Original Commodores were road Warriors

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Every other year Perry Central’s boys basketball team has to make long road trips on consecutive nights for Patoka Lake Athletic Conference games at Orleans and Mitchell on the same weekend.
But if players or fans think that is tough, they should have to experience what Perry Central’s first boys basketball team had to endure: 88 consecutive road games.
Bristow and Oil Township consolidated to form Perry Central High School in the fall of 1962. But basically it was just a new sign put on the Oil Township school building, where Perry Central would continue to hold classes until its new school was finished in 1966.
Since the old Oil Township building had no gymnasium, Perry Central played all its basketball games on the road for more than four years, until the new Perry Central gym was ready eight games into the 1966-67 season.
Perry Central had no football team or girls sports in its early years. So the first team to field the Perry Central name was the boys cross country squad in the fall of 1962, followed by the boys basketball team that winter.
Since this is the 50th anniversary of the first Perry Central basketball team, members of that squad will be honored during Perry Central’s game with Paoli Feb. 15.
At least one member of that squad, Paul Donnelly, is deceased, but most of the living members have indicated they will attend the reunion.
Their coach, Joe LaGrange, is alive and well. He reminisced Friday by telephone about that first team.
He was just 21 when he was hired by Perry Central right after graduating from Hanover College and only 22 when the basketball season started.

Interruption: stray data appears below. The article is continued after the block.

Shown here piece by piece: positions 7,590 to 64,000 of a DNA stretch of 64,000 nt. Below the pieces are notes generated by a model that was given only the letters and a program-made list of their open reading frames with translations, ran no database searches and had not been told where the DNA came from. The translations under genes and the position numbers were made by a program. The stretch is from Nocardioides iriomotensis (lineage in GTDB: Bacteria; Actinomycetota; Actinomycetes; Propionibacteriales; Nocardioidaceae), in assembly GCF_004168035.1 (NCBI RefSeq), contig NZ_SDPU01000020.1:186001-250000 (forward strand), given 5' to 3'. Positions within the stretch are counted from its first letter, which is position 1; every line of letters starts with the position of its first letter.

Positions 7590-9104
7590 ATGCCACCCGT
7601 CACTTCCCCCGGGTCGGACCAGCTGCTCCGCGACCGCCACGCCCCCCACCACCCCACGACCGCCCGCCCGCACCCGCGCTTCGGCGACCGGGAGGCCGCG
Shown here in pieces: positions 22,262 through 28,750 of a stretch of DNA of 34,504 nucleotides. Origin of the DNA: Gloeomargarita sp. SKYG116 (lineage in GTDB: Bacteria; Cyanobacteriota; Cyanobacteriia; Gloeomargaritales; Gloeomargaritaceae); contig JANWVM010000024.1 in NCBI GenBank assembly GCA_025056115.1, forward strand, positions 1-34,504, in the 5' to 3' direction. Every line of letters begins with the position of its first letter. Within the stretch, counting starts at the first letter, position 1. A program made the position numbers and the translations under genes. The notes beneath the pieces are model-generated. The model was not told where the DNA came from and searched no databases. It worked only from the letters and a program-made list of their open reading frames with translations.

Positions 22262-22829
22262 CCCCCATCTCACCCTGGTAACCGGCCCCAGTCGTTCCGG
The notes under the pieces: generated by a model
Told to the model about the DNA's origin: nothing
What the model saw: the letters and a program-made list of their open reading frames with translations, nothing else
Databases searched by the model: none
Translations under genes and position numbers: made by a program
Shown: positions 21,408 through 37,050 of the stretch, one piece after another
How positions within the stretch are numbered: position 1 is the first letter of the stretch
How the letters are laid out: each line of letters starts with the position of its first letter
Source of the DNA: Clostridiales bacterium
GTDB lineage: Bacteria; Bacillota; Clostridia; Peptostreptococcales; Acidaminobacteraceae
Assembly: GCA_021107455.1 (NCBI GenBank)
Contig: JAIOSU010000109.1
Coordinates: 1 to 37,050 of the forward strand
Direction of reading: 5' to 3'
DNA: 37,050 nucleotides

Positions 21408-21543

He had no assistant coach that year (his cousin, Kenny LaGrange, became his assistant his second year) and formed his coaching style “from what I could pick up from other coaches, from clinics, and from reading.”
His team also had little height. “Clarence Franchville, who was probably 6-1, was our tallest player,” said LaGrange. “My brother, Marty, was about 6 feet.”
The first Commodores got off to a slow start, losing at least their first five games (to Leavenworth, Cannelton, Hancock County, Hardinsburg and Ferdinand).
Because of the great number of schools in the area and no full-time sports editor then, coverage of some teams was spotty in the Tell City News.
So I can find no record of the Commodores’ first victory, though the Dec. 18, 1962, issue of the News stated they got their second consecutive win, 56-46 over English, which was coached by former Oil Township coach Edison Tyler.
A balanced scoring attack fueled that victory, with five players scoring in double figures. Richard Hubert tallied 13, Marty LaGrange 12, and Don Quinlin, Franchville and Donnelly 10 apiece.
LaGrange then scored 32 in a 91-56 victory over Marengo as the Commodores went to Thanksgiving on a three-game winning streak.
That may have been their longest winning streak of the season, as the News’ sectional preview article listed the Commodores with a 6-11 record.
Joe LaGrange said he doesn’t think his team ever had such a poor record, though. And since teams usually played 20 regular-season games then, it could be that the Commodores were 9-11, with three wins unreported to the News.
Cannelton then edged them 42-39 in the first round of the sectional.
Such modest beginnings have helped produce one of the state’s top Class 2A teams today, coached by Matt Carter, a cousin of Joe LaGrange (Carter’s grandfather, Ovalee LaGrange, is Joe LaGrange’s first cousin).
Therefore it’s fitting to honor the team that started it all on its 50th anniversary.